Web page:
Student of the game type guy. Has played everywhere on field throughout career. Has firm grasp of team concept (Team USA experience and College World Series participant) and plenty of experience as well. This provides a leadership and field general quality.
Defensively plays a solid first base. Reacts well to ball at first. Plays the ball, not the player throwing the ball. Handles short hops, errant throws and can stretch to get a ball when needed. Is quick off the bag when holding runners on and is ready to handle any batted ball. Reacts quickly and knows where to go with the ball when it comes his way. Moves well to his left and right. Moves to keep the ball in front. Can play either infield corner. Arm strength is solid, but has long slinging arm action at times, but has the arm strength to play right field if necessary.
Is a little older than most draft picks from the same year, luckily his experience internationally and in CWS should compensate for that "late start." Will not have trouble finding an everyday spot in the lineup when Zuanich returns from injury. Positional flexibility is a huge benefit for Clark. The organization is pretty heavy at the first base position, including a higher 2009 draft pick than Clark in Ben Paulsen (3rd round out of Clemson University) playing for the Advanced - A Modesto Nuts. However, Paulsen, Kiel Rolling & Matt Repec (AA Tulsa Drillers), Mike Paulk and Brad Eldred (AAA Colorado Springs Sky Sox) are all having less than stellar seasons looking solely at the numbers. Thus, there is the potential for internal movement at first base in the organization.

Thursday, April 29, 2010

Asheville Tourists - Nick Schnaitmann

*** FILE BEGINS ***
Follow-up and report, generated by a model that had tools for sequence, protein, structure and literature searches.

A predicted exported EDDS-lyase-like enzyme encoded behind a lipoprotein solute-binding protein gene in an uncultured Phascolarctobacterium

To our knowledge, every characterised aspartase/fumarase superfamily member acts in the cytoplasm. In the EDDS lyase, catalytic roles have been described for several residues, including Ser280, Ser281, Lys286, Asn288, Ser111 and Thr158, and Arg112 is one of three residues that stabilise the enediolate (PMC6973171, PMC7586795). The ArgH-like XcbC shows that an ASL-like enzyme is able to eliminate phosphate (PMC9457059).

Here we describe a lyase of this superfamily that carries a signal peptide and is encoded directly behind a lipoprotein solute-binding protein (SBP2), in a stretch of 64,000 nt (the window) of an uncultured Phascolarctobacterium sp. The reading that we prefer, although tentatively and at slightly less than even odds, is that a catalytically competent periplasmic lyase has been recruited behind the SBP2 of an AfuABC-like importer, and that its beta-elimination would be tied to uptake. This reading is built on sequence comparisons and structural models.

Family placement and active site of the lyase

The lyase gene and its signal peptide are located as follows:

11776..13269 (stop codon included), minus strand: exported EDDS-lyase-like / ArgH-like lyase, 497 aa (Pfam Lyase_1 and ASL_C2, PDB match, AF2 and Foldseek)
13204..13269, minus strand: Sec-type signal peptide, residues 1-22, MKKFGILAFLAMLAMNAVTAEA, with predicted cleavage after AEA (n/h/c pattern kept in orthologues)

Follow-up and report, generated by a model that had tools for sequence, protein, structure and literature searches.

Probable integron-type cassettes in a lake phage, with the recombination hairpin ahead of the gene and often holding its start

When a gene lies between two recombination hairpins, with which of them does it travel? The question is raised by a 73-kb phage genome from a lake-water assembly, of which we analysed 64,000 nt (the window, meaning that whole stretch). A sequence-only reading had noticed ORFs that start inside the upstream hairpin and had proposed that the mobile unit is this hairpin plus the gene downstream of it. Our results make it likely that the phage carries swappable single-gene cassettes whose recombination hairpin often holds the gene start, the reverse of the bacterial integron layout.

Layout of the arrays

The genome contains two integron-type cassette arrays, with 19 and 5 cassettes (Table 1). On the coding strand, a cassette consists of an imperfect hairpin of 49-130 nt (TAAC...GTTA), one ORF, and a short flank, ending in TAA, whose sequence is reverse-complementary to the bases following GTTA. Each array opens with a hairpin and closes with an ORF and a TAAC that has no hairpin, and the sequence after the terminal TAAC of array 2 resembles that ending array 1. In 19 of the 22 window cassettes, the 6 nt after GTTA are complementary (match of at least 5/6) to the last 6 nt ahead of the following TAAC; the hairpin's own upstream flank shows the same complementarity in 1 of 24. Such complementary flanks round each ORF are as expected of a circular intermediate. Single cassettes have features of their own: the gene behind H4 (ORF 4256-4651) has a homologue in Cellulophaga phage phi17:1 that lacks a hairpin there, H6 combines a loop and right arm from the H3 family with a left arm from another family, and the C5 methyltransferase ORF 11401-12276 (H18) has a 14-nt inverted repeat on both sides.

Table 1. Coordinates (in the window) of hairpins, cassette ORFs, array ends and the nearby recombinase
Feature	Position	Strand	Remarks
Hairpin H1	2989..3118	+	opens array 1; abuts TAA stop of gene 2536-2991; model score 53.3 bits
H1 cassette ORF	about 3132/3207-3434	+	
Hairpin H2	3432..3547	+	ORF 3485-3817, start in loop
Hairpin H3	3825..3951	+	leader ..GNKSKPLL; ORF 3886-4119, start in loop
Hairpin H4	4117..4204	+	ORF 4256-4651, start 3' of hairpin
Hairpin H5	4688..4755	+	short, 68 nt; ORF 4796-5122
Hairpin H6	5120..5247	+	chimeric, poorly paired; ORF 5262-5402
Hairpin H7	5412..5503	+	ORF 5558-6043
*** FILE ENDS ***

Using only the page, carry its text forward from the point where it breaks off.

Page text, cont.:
Nick Schnaitmann threw 7 solid innings and gave up 2 earned runs on 7 hits Tuesday night. Schnaitmann's tall (6'6) frame gives him a solid angle at which to deliver the fastball from. Smooth delivery from a 90 degree plane on the mound. Keeps the arm on the same plane with his right leg during delivery. High 80s to low 90s fastball that can touch mid 90s at times. When his pitching arm doesn't stay directly behind him he tends to lose a little bit of control. Delivery is fluid and appears effortless. Economical with his pitches and stays around the strike zone. Works ahead in the count, which allows him to utilize his slider. Slider has good movement and is his strike out pitch (3 Ks on the night). Arm action is pretty consistent through all of his pitches, but Schnaitmann elevated the off speed offerings which is where most of his against him came from. Pretty consistent from the stretch as well. Holds runners well for someone without a slide step and predictable delivery times. Similar build and delivery to Tommy Hanson of the Atlanta Braves. Spent second half of 2009 on Disabled List (DL), a set back that appears to be behind the 20 year old.